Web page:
How Court Reporting Can Change Legal Statuses Of Cases And Alter The Courses Of People's Lives

You would not think that anyone employed in the field of court reporting would have any legal power at all. To be sure, they exist to record the proceedings of cases and to provide written transcripts of the cases in court. However, you may be surprised to learn that court reporters can change the legal statuses of cases and alter the courses of people's lives. They do this while doing exactly what they are expected to do, which is keep accurate and detailed accounts of what is said and done in court. Here is how this plays out. 

Key Phrasing Hints of Confession

Witness testimony coming from the accused might include slip-ups that the accused said while on the stand and being questioned. If this is recorded in the court documents by the court reporter, it might open the doors to have the case more closely inspected if and when the accused is either acquitted or has requested an appeal on his or her case. A judge could read over this key piece of court reporting and decide that the accused is either innocent or is still guilty, depending on how the first case panned out. If the accused did indeed confess to a crime and that is caught and documented by the court reporter, it might be enough to convict or to refuse an appeal. 

Details Observed by the Court Reporter

Lawyers are required to ask the right questions in court, whether they are prosecutors or defense attorneys. Judges usually just sit and listen, so that leaves the jury, who don't speak until the end, and the court reporter, who can observe and record. Sometimes the tiniest of details viewed and recorded by the court reporter lead to more questions in the case that no one had bothered to ask before. These details in the report can help open a new case, or a new appeals case, and even overturn a jail sentence. The person who stood accused before would be indebted to the court reporter that saw and recorded something no one else in the courtroom saw. It could be the key bit of information, sealed in an official court document, that turns the tide for the person who stood accused, and that makes all the difference.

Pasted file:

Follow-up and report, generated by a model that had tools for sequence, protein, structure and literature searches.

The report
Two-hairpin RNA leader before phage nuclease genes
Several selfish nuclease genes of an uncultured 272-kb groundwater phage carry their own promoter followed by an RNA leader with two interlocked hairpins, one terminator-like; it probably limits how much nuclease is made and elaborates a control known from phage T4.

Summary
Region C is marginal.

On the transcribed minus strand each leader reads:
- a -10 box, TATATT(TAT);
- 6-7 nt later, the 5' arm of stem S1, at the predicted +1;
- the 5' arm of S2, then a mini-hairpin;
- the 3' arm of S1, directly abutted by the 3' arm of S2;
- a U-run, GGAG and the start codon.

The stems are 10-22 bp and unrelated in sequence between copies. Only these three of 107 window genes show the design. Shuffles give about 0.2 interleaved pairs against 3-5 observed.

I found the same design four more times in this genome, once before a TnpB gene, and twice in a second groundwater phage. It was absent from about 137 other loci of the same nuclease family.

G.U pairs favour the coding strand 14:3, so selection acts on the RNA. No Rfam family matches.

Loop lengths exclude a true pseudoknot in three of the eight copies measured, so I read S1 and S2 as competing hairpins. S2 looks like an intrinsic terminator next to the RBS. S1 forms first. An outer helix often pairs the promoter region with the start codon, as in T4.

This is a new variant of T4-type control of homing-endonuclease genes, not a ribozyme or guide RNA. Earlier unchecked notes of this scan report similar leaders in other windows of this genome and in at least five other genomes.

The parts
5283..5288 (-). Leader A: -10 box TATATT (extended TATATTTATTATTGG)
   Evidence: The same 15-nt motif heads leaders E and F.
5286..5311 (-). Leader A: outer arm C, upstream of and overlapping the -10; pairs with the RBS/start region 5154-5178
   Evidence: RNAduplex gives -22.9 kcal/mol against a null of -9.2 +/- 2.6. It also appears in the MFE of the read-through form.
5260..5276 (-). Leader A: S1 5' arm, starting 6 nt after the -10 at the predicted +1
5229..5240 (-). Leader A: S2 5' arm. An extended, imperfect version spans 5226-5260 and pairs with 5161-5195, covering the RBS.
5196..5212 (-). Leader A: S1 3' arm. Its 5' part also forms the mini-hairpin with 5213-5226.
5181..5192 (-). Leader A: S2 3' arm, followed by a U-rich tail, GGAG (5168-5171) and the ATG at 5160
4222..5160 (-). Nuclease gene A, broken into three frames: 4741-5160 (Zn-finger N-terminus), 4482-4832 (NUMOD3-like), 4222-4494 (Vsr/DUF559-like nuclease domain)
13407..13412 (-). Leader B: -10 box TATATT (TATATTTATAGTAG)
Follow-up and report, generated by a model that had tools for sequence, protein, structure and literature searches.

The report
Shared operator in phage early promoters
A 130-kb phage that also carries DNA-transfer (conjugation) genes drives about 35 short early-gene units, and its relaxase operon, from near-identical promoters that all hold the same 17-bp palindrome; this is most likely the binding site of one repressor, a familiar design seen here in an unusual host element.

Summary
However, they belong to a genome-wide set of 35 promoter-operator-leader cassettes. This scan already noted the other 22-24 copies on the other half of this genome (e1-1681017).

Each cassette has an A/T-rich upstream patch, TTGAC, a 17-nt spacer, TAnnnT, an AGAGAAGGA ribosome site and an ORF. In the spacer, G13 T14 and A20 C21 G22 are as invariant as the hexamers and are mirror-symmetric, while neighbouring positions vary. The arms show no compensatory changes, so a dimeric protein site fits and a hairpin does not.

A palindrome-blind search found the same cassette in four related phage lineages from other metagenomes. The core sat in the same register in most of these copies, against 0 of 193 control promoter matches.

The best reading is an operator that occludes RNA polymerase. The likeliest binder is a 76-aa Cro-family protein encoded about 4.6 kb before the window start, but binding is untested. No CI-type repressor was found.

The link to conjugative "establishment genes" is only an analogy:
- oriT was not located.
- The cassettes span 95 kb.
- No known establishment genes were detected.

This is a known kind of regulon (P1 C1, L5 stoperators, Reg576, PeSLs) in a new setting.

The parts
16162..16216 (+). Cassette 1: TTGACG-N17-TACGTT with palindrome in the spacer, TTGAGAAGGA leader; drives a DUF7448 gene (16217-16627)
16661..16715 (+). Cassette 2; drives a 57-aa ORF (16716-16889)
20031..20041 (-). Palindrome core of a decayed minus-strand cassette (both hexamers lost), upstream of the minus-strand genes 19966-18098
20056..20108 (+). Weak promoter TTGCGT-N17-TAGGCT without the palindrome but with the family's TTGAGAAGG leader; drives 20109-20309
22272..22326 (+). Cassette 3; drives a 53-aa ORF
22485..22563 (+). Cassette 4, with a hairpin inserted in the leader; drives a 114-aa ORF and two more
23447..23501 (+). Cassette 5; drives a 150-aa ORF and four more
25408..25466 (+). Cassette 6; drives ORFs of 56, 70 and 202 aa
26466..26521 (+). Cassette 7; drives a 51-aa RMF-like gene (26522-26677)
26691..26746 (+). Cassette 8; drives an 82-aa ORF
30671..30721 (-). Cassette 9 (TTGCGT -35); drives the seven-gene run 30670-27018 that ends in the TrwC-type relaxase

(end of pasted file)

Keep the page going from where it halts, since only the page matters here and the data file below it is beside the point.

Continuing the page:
Speed, Shorthand, Excellent Memory, and a Keen Eye

The best court reporters are very fast typists, know shorthand for both manual writing and computerized stenography programs, have an excellent memory for things that were said and happened in the courtroom, and have a keen eye. If you need to hire a court reporter, then you might want to test them first. It helps to sort out the so-so reporters from the really good ones before you make a hiring decision. 

For more information about court reporting, reach out to court reporting businesses.